Portland’s Best Treehouse Looks Like a Set Piece from “Lord of the Rings”

Tour guides stop fleets of bikes on the street out front to marvel.

It looks like something out of Tolkien: a wood-shingled cottage balanced between two Douglas firs and a Western red cedar, 15 feet above the Woodlawn neighborhood. “Like in the mallorns of Lothlórien,” says James Rossi, one of its caretakers, who practices for his voice-over gigs by reading the Lord of the Rings trilogy aloud.

Rossi and his partner, Susanna Low-Beer, built it in 2012 using scrap from the ReBuilding Center and limbs from the three evergreens supporting the platform. SunRay Kelley, the natural builder, drove down from Sedro-Woolley, Wash., with logs strapped to his Toyota pickup. Volunteers with the Village Building Convergence—the same people who paint the intersections of Portland with flowers—bolted the logs to the tree trunks.

“It was a workshop, kind of barn-raising style,” Low-Beer says. The house is 200 square feet.

A neighbor complained because of course they did—this is Portland. So Low-Beer and Rossi had to remove the log staircase and railing leading up into the treehouse and replace them with a metal ladder. That way, it’s not a permanent structure. Yet it’s a landmark. Tour guides stop fleets of bikes on the street out front to marvel. Rossi brings them fresh plums.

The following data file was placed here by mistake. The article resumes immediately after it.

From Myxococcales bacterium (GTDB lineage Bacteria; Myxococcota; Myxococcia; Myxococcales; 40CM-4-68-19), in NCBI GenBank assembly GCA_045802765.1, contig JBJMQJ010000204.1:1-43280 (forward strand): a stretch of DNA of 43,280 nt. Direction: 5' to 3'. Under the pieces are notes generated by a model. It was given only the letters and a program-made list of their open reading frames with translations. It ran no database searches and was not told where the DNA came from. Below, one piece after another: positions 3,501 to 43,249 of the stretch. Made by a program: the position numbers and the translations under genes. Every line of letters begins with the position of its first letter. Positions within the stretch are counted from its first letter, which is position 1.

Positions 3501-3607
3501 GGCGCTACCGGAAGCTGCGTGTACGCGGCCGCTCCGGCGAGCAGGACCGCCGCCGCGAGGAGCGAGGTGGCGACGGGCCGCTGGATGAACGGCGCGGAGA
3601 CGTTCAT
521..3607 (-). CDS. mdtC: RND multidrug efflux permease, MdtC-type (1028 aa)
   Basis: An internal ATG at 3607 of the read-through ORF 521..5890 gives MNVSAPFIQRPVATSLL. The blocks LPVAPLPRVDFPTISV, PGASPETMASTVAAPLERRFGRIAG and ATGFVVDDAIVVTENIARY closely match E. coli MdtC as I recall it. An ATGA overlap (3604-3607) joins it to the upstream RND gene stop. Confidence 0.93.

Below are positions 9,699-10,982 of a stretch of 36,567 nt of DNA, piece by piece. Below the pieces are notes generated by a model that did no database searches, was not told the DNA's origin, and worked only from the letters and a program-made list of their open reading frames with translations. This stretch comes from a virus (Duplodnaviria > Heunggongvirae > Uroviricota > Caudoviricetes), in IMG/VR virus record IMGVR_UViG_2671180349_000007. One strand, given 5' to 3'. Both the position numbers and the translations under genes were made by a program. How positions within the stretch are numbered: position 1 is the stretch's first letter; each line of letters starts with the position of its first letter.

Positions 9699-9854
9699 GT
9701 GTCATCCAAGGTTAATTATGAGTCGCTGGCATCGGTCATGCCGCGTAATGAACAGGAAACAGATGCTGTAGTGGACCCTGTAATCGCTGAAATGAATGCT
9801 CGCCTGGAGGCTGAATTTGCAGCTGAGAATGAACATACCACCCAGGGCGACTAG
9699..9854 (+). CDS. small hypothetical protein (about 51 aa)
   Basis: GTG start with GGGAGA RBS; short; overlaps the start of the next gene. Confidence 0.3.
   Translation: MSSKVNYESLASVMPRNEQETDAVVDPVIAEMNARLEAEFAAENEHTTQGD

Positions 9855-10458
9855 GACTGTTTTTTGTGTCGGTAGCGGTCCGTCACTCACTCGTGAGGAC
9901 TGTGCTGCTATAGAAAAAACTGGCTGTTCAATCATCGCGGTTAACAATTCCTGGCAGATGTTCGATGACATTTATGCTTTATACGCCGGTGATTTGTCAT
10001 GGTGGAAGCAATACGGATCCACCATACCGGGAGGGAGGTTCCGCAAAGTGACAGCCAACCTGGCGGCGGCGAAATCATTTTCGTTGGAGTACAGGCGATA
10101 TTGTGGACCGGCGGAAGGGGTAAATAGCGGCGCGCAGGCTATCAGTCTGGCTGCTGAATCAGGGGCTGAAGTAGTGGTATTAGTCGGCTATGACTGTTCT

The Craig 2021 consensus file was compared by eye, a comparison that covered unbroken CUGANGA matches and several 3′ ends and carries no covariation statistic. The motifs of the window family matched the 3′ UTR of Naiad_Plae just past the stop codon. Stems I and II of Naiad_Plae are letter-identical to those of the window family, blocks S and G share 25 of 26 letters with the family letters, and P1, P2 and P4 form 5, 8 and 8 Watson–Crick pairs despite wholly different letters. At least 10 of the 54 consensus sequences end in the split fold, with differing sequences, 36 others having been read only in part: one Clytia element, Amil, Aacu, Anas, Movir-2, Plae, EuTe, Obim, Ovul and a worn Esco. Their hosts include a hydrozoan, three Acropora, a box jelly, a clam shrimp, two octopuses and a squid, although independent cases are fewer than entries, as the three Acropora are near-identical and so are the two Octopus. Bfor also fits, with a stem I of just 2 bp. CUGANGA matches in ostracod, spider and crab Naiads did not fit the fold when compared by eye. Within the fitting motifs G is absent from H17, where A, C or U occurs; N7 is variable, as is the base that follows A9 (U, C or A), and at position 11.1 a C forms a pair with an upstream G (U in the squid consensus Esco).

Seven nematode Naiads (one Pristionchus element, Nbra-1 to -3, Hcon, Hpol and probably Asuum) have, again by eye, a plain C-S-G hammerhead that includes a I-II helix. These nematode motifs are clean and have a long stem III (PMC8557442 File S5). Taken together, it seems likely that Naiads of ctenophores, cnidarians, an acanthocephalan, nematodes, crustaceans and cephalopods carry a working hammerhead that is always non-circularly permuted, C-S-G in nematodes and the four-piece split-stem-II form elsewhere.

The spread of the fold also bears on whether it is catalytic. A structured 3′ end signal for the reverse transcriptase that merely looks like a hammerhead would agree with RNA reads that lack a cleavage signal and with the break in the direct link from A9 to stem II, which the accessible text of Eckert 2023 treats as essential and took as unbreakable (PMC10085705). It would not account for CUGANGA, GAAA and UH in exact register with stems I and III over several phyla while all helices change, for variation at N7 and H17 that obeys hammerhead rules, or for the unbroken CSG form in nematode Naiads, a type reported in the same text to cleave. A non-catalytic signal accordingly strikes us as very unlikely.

Low-Beer, a healing artist, acupuncturist and jewelry maker, holds astrology readings in the treehouse. “I like to come up here and drink tea,” she says. Rossi takes naps in the hammock.

“We like to call ourselves naptivists,” Low-Beer says. “I’ve always been inspired by the spirit of Portland that I encountered when I first moved here in 2004. Also, being able to pretend that I don’t live in the city.”